Q&A with Dan Gosling, creator of the lip balm ChopSaver


qa_gosling.pngIt’s one of the most imaginative product pitches for an Indianapolis startup. In an 82-second video, professional trumpet player and entrepreneur Dan Gosling stands in his Indianapolis back yard and expertly catches one flying musical instrument after another, from flute to trombone, tossed to him by someone off camera. Then he explains his product—a lemony-scented lip balm for musicians called ChopSaver—by catching a series of flying ingredients, from shea butter to avocado oil.

Gosling, 56, invented ChopSaver in his kitchen in 2004 and has sold about 700,000 sticks, but he is still looking for fresh ways to promote it. Meanwhile, the video has garnered more than 1 million views on the ChopSaver website and YouTube.

How did you come up with the idea to explain ChopSaver with flying instruments and ingredients?

The idea for a video came to me when I was mowing the lawn last summer, but I’m not sure now where the idea of flying instruments came from. My son is a film and media major at [Indiana University] and my nephew is very good at sound editing. We had to practice that for a couple of weeks in the back yard. It was a lot of fun.

What’s the story of ChopSaver?

I wanted to develop an all-natural lip moisturizer for musicians. I made the formula in our kitchen. I run the company out of a two-room office right off the kitchen. We have a manufacturer in Cedar Rapids, Iowa, that makes the product.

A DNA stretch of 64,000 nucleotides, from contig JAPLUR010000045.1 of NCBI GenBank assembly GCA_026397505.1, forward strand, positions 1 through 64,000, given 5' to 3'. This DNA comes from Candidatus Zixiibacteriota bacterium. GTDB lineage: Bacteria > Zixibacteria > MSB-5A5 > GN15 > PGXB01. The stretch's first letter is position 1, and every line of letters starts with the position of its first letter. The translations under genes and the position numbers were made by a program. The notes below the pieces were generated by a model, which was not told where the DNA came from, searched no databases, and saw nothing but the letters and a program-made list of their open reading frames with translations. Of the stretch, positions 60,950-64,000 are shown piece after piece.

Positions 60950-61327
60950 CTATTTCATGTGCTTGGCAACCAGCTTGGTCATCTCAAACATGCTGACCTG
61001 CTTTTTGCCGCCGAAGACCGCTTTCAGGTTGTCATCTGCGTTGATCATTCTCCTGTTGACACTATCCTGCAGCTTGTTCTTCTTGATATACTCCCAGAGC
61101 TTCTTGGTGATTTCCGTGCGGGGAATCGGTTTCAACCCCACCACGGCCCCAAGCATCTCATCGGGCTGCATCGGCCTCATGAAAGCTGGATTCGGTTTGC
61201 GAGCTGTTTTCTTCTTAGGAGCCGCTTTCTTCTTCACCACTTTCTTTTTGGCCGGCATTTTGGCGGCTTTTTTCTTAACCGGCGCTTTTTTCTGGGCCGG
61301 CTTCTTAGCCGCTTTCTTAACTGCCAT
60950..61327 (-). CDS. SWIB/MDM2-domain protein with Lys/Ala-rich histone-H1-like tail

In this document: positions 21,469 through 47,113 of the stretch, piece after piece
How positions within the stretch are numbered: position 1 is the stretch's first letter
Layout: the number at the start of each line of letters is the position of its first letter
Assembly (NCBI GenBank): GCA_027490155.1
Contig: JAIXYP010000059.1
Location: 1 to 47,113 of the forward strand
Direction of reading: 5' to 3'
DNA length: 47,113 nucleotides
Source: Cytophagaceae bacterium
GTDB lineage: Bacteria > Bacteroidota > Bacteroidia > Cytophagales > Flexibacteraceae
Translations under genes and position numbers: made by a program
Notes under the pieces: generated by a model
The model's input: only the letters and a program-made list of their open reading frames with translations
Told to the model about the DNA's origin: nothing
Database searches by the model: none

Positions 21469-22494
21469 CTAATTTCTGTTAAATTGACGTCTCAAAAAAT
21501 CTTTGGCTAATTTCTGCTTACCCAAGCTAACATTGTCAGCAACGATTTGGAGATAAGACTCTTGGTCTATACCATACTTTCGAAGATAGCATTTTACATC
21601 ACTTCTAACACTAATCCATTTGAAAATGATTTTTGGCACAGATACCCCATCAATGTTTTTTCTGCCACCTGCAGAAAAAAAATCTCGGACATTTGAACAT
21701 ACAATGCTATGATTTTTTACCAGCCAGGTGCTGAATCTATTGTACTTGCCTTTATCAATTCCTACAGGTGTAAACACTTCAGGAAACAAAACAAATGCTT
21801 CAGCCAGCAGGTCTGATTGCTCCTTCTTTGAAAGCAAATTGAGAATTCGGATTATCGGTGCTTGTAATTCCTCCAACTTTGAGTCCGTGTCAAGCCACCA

Is your product formula a big secret, like the Coca-Cola formula?

Actually, it is. It’s patented. It’s a trade secret. You can see all the ingredients on the package and on our website, because we’re very proud of it. It’s a natural product. The essence of the formula I came up with in my kitchen. The only difference is, to put it in stick form, we added some organic waxes to it. But in terms of how it’s made, temperatures that are used, machinery that’s used, it’s a secret.

Where can I buy ChopSaver?

You can get it on ChopSaver.com, Amazon.com, Walmart.com and at band-instrument stores.

What’s harder: playing the “Carnival of Venice” on the trumpet, with all that triple-tonguing, or starting a lip-balm company?

There is something about playing a trumpet that is like being an athlete. There are physical demands you have to maintain. When those start to slip, people can hear it and it can affect your reputation. If I have a bad day at the lip-balm office, hardly anyone will notice.

I thought you were going to say you could play the trumpet in your sleep, and that starting a company was much harder.

No. The older you get as a musician, especially with a brass instrument, you have to work harder. Doc Severinsen is 91 years old, but he still practices three or four hours a day. The trumpet is a real beast. It’s a real unforgiving instrument. You’re training small muscles on your face and it goes away very quickly if you don’t keep paying attention to it.•

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